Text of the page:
encryption key. “No other global messaging service at this scale provides this level of security for their users’ messages, media, voice messages, video calls, and chat backups,” WhatsApp said in a statement on 14 October, 10 months after Tesla CEO, Elon Musk urged the world to ditch WhatsApp due to its then cyber-security vulnerabilities and instead use Signal. With the new app, which comes with an online banking assistant named Abby, Absa Bank Kenya seeks to ride on the new security updates and Kenya’s high fast-internet penetration, smartphone ownership, and
WhatsApp usage to pioneer social media banking in the country. According to the Global Web Index’s2020 Social Media User Trends Report, Kenya has the highest percentage of monthly WhatsApp users compared to the rest of the world, with 97% of all internet users in the country active on it. Having launched a similar platform in South Africa in 2018, the bank is conîdent that its experience as the îrst African bank to venture into social media banking will enable banking to be accessible any time and anywhere in a secure way. The introduction of WhatsApp banking by Absa
Fitch BOI upgrade will bolster investment
Commenting on the announcement that Fitch, one of the world’s ‘big three’ ratings agency had upgraded Nigeria’s Bank of Industry’s (BOI) National Long-Term Rating to AAA (nga), while aïrming its Long-Term Issuer Default Rating (IDR) at ‘B’ with a Stable Outlook, Olukayode Pitan(right),MD/CEO of the bank,said the upgrade would help the bank attract additional funds. “We are delighted at the outcome of this ratingwhich comes on the back of a series of successful fundraising eorts in the international debt market and positions us to attract greater foreign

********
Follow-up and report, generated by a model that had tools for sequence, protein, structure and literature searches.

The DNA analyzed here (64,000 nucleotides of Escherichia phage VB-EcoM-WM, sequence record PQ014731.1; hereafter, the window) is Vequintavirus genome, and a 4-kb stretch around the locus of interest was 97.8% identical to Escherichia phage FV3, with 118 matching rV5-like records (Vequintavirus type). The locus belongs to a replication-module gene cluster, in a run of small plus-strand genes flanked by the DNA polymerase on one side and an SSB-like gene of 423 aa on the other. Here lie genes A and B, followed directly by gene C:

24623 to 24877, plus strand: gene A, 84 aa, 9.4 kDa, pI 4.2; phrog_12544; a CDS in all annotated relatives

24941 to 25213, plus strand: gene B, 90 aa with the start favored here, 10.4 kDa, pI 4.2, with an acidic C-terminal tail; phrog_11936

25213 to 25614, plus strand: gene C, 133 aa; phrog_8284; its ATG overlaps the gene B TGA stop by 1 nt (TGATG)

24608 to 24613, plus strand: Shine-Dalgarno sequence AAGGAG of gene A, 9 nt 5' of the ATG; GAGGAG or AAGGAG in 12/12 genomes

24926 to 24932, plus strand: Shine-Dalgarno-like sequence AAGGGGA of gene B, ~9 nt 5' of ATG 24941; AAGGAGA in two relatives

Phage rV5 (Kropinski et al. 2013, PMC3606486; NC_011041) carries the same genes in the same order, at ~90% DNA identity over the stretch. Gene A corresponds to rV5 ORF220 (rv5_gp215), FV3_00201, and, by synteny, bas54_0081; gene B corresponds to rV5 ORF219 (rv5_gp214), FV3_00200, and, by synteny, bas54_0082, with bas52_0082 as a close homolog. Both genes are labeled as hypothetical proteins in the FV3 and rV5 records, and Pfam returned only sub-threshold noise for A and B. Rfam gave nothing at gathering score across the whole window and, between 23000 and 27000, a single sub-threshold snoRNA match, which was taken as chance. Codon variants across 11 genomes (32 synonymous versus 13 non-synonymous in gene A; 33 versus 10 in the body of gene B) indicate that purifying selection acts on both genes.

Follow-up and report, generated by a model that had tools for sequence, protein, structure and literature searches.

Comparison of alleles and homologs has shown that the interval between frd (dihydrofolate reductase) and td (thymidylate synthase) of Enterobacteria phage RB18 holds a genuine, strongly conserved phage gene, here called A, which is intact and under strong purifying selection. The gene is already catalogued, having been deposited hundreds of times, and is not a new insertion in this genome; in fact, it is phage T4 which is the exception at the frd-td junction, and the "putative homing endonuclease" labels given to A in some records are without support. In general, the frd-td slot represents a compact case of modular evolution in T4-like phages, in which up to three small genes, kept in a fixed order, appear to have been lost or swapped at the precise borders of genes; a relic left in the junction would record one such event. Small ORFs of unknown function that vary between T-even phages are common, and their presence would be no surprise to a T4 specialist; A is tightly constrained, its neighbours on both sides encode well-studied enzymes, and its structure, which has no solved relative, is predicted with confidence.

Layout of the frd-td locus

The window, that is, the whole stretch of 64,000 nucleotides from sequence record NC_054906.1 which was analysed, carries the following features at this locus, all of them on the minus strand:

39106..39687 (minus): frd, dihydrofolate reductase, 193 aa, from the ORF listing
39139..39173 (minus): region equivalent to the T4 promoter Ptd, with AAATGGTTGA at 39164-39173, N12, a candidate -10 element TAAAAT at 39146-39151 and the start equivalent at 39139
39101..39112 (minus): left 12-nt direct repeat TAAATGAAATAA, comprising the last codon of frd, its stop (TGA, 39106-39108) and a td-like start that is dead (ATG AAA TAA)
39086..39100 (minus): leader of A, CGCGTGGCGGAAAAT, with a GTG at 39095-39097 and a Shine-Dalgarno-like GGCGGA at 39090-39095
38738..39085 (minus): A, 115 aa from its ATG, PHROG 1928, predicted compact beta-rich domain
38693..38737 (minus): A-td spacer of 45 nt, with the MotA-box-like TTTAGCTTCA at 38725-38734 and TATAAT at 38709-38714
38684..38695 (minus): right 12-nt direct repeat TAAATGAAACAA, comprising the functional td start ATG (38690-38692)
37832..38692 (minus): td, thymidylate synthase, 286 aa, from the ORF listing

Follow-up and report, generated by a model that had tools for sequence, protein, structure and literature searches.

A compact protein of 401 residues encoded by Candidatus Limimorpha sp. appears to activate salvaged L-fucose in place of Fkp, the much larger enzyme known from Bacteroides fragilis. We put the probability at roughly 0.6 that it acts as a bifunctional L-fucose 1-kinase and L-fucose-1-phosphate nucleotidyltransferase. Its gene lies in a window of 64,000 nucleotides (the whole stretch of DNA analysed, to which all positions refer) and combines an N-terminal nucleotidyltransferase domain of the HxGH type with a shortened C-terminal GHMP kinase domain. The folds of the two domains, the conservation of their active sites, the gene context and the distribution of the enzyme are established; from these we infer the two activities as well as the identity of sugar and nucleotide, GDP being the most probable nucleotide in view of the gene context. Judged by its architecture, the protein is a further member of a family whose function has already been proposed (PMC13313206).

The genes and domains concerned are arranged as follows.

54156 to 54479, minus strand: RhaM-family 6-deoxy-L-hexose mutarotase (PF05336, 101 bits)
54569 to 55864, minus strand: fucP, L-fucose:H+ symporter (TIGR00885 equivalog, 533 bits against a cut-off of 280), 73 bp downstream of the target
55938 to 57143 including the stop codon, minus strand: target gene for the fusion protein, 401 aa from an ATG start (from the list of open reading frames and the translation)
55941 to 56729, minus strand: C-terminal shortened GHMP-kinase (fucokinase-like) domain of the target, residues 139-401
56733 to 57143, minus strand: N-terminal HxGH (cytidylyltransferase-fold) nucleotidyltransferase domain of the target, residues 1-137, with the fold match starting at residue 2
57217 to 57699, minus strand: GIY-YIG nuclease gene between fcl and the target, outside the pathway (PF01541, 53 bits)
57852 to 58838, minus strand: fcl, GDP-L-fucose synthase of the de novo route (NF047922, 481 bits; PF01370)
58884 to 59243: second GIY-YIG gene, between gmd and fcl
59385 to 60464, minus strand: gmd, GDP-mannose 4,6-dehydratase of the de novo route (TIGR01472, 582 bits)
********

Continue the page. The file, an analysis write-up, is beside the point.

ushers the sector into the new age of banking, which integrates transactional, conversational and personalised banking services in a seamless, fast and reliable manner. “With this solution, each of our customers gets access to a 24/7 digital personal banker who can help them perform transactions upon receiving simple instructions on chat,’’ said Jeremy Awori, Absa Bank Kenya’s MD.
investment,” he said. “In spite of the challenges we have experienced as a result of the Covid-19 pandemic, it is reassuring to see that the resilience of our organisation has bolstered the conîdence of our stakeholders, who undoubtedly contributed to our improved performance.” BOI is Nigeria’s foremost development înance institution (DFI). It has a mandate to transform Nigeria’s industrial sector by providing înancial assistancefor the establishment of large, mediumand small enterprises; as well as to drive the expansion, diversiîcation and modernisation of existing enterprises; and the rehabilitation of ailing ones.
A F R I C A N B A N K E R 4 T H Q U A R T E R 2 0 2 17
Autochek, the automo-tive technology company that aims to facilitate auto înance across Africa, has ventured into the Kenyan market. The company said it will work with NCBA Group, Caritas MFB, KKVL, Musoni and Sidian bank to increase the market adoption of vehi-cle loans. To lead its Kenyan opera-tions, Autochek has appoint-ed Bilhah Muriithi as the Country Manager. Having recently acquired automotive marketplaces Cheki Kenya and Cheki Uganda from ROAM Africa, the move into the Kenyan market shows Autochek’s focus on build-ing digital solutions that will accelerate auto înancing. With credit penetration in Kenya at 27.5%, far higher than in West Africa, where it stands at 5%, East Africa’s growing market is posi-tioned as a key auto înanc-ing hub. Having started her career at Cheki Kenya, Bilhah Muriithi joins Autochek from
NCBA bank’s Digital Busi-ness department, where she was a manager responsible for running the Carduka portal, an online motor ve-hicle platform. As Country Manager, Bilhah will be responsi-ble for overall oversight of the business, growing the marketplace by ensuring that the Autochek platform includes all mainstream car dealers, all auto lenders, all car buyers, all insurance and tracking companies. Powered by its residual value algorithm, Autochek is able to pre-qualify cus-tomers for înancing and disburse auto loans within 48 hours through a single application process. Autochek’s in-house digital solutions have ena-bled the platform to part-ner with over 68 înancial institutions, and build a 1,000-dealer network inte-grated with 1,000 workshop networks in Nigeria, Ghana and Kenya.